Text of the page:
INDIANAPOLIS (AP)—With all the big names in the Indiana-Boston playoff series, seldom-used Brandon Hunter might have had the biggest impact in Game 1.
The Celtics’ rookie forward appeared to take a cheap shot Indiana star Jermaine O’Neal in the second quarter, igniting a rally by the Pacers that made the difference in their 104-88 victory over the Celtics in Game 1 of their first-round series Saturday.
Hunter entered the game early in the second quarter and immediately tangled with O’Neal under the Pacers’ basket, drawing a foul for pulling O’Neal to the floor.
“They had a young, strong player throwing an MVP candidate on the floor, and it looked like he was doing it intentionally,” Pacers coach Rick Carlisle said. “I reacted and our team reacted. I think that raised their level of angst a little bit.”
O’Neal got up and yelled at Hunter and Ricky Davis, drawing a technical foul. The confrontation fueled a 24-7 Pacers run, and they never looked back.
“I think it was a factor,” Carlisle said of the scuffle. “You don’t like to see some guy coming in the game that looks like he was put in there to go rough up your best player. I don’t think it’s right. … I disagree with that kind of basketball. It got all of us going.”
Carlisle spoke to the media after Boston coach John Carroll, who was unavailable to respond to the remarks. Hunter left the locker room quickly and did not comment.
“He just grabbed me and threw me down,” O’Neal said. “I’ve just got to do a better job keeping my composure. If they lose him, it’s not make or break for Boston, but me getting thrown out would be a big loss.”
Following the skirmish, the Pacers used their big run to take a 65-43 lead at halftime. And this time, they refused to let a big lead slip away.
Last year, Pierce scored 21 of his 40 points in the fourth quarter of Game 1, allowing the Celtics to overcome a 16-point deficit and win on their way to eliminating Indiana in six games.
Pierce scored 11 points in the first quarter, but Ron Artest didn’t let him get free for the rest of the game. One of the favorites for defensive player of the year, Artest held Pierce to 1-for-10 shooting in the final three periods.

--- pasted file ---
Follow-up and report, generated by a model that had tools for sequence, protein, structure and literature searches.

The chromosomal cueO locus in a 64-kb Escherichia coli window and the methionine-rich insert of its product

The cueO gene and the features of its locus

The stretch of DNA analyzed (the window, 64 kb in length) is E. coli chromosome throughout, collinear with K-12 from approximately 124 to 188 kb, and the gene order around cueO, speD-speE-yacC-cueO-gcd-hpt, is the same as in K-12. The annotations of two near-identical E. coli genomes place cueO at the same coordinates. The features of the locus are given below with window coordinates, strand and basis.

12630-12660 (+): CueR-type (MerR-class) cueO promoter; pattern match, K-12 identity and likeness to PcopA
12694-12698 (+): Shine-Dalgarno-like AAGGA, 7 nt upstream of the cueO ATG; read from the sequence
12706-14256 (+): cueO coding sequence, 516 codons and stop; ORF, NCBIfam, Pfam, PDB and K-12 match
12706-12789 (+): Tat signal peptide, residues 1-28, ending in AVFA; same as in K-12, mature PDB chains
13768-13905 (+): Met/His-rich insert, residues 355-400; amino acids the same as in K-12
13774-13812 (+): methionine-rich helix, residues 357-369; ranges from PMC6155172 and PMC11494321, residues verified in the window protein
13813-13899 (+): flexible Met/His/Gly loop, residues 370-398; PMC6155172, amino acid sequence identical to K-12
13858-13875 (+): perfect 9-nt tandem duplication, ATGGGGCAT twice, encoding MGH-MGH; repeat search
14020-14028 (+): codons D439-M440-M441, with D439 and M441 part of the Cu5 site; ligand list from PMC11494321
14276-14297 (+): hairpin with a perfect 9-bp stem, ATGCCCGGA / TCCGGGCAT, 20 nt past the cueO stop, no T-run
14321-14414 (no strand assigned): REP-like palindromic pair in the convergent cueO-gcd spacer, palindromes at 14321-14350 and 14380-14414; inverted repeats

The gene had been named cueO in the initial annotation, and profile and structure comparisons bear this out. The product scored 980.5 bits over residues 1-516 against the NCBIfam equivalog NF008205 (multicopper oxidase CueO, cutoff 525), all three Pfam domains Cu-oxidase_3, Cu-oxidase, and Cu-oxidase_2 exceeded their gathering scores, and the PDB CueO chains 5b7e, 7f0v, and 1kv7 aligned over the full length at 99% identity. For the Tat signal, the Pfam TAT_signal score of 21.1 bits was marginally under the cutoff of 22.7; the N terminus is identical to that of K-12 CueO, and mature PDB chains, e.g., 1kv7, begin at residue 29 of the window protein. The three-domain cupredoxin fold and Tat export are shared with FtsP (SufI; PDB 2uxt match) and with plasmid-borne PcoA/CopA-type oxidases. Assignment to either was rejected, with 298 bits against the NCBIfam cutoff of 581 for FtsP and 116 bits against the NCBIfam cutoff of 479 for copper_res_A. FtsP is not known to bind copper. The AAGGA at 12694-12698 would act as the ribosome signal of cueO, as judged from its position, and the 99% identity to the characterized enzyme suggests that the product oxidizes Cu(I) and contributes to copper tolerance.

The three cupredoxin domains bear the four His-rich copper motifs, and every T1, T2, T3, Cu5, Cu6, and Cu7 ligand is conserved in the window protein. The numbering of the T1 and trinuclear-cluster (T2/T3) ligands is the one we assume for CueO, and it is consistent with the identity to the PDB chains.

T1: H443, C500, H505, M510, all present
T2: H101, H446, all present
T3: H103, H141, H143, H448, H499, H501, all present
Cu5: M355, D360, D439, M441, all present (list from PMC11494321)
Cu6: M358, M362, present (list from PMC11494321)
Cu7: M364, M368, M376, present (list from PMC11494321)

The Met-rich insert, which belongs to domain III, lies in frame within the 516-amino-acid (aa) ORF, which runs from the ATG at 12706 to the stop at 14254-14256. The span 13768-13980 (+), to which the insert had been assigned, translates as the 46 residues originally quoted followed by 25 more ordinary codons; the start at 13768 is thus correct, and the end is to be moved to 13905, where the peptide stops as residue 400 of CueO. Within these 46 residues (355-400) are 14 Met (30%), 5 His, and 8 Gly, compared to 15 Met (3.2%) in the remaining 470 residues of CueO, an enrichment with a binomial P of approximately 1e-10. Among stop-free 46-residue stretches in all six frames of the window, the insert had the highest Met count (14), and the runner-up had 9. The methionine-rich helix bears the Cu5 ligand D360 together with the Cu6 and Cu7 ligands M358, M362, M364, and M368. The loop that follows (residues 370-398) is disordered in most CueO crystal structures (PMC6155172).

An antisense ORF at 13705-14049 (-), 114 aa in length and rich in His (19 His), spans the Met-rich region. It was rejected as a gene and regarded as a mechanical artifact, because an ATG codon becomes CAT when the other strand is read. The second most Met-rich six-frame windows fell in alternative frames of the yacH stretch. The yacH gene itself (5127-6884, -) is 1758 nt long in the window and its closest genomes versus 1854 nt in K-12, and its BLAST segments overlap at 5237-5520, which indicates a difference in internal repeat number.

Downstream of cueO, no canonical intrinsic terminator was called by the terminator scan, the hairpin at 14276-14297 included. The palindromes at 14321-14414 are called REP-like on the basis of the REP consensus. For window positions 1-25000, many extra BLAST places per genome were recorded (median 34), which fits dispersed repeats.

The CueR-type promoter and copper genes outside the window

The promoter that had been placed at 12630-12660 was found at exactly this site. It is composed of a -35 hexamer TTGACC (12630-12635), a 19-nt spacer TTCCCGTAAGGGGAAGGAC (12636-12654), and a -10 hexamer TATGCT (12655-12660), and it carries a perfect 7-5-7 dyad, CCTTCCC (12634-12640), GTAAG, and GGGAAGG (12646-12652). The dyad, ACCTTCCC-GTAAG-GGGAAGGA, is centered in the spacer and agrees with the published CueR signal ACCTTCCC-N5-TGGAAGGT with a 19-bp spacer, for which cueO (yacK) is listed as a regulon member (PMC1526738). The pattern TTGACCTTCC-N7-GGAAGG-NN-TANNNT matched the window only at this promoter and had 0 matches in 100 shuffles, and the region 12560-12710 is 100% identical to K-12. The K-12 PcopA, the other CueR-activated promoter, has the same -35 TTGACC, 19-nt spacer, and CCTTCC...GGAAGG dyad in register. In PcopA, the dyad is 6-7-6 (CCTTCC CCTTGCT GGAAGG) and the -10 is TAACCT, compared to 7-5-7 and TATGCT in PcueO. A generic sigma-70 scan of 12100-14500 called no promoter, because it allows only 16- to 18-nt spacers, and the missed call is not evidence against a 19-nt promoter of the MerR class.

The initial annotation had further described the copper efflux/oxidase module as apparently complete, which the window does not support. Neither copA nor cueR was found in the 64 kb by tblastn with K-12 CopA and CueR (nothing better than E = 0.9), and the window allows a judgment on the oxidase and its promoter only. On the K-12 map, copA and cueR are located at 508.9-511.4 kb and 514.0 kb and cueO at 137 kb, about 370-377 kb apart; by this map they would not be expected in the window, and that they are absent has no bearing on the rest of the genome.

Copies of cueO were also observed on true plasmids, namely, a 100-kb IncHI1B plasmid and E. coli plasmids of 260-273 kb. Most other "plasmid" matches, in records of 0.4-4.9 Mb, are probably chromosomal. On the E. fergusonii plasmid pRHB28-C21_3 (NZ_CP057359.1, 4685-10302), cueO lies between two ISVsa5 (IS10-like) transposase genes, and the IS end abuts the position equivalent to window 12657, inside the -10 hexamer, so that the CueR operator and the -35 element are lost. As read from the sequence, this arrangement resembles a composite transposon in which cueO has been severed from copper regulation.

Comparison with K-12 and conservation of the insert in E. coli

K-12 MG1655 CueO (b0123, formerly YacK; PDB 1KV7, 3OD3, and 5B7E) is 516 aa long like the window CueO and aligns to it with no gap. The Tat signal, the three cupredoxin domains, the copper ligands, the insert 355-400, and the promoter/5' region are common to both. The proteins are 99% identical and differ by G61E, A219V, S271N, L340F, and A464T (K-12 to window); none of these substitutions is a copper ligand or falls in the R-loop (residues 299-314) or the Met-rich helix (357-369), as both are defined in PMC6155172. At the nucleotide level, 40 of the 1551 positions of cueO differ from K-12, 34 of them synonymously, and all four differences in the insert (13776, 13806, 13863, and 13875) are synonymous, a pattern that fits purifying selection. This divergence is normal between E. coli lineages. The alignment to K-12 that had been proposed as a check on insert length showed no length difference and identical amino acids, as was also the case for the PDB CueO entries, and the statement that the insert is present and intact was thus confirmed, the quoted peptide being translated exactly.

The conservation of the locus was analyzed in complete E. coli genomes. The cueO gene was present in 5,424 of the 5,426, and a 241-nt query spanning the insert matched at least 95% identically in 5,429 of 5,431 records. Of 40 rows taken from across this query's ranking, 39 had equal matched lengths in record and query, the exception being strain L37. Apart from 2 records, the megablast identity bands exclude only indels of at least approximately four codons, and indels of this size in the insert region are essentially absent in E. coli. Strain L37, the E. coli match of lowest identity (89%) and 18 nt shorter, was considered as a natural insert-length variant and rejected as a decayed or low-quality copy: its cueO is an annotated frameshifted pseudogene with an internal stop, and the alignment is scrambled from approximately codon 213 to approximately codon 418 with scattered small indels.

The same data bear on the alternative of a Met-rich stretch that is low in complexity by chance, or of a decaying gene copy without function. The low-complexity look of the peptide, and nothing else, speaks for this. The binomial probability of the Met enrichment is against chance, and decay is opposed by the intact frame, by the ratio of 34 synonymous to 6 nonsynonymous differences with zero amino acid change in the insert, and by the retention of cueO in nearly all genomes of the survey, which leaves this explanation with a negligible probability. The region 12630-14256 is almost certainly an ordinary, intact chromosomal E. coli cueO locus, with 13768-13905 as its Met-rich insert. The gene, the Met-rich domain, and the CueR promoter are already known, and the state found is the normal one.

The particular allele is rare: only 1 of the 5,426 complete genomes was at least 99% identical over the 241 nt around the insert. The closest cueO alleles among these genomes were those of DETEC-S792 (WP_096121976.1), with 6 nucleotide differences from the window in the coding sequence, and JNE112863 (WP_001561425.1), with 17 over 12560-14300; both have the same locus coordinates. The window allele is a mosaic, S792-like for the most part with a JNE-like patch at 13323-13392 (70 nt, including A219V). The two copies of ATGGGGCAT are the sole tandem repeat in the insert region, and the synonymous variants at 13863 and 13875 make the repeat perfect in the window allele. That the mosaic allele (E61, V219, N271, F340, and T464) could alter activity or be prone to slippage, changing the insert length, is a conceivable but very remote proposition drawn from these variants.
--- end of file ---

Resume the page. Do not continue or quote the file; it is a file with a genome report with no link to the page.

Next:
“Ron did a real good job on him as the game wore on,” Carroll said.
O’Neal had 24 points and 11 rebounds, and Artest also scored 24.
Pierce went 8-for-10 from the free throw line and finished with 20 points and 10 rebounds.
“They play good team defense,” Pierce said. “They go up 20 and then you find yourself forcing a lot of things trying to get back in the game.”
Every time Pierce went to the bench, the Pacers went on a run.
The Celtics shot 55 percent in the first quarter to keep the game close, 30-29, but went just 3-for-19 (16 percent) and scored 14 points in the second quarter to Indiana’s 35.
“In my worst nightmare I didn’t know the game was going to turn like that,” Carroll said. “You just don’t want to take (Pierce) out, but you have to take him out at some point.”
Al Harrington added 14 points and 10 rebounds for the Pacers, a strong statement to those who questioned his playoff capabilities.
Harrington averaged just 3.0 points in last season’s first-round loss to Boston, the Pacers’ third straight early playoff exit. He fought off back spasms to give a complete effort on both ends of the floor.
“He’s one of those players that people don’t really talk about, but I think they should,” O’Neal said. “He’s the X-factor for us in the playoffs.”
Chucky Atkins and Davis each scored 19 points for the Celtics, who committed 22 turnovers and were outscored 48-28 in the paint.
Game 2 is Tuesday at Indiana.
Carlisle wore No. 34, now Pierce’s number, during his playing days with the Celtics. The self-deprecating coach joked, “I know now that there’s a great chance my number will be retired.” … Atkins got a technical foul for arguing with the officials in the second quarter. … The Celtics are just 2-10in playoff series when losing Game 1 of a best-of-seven on the road.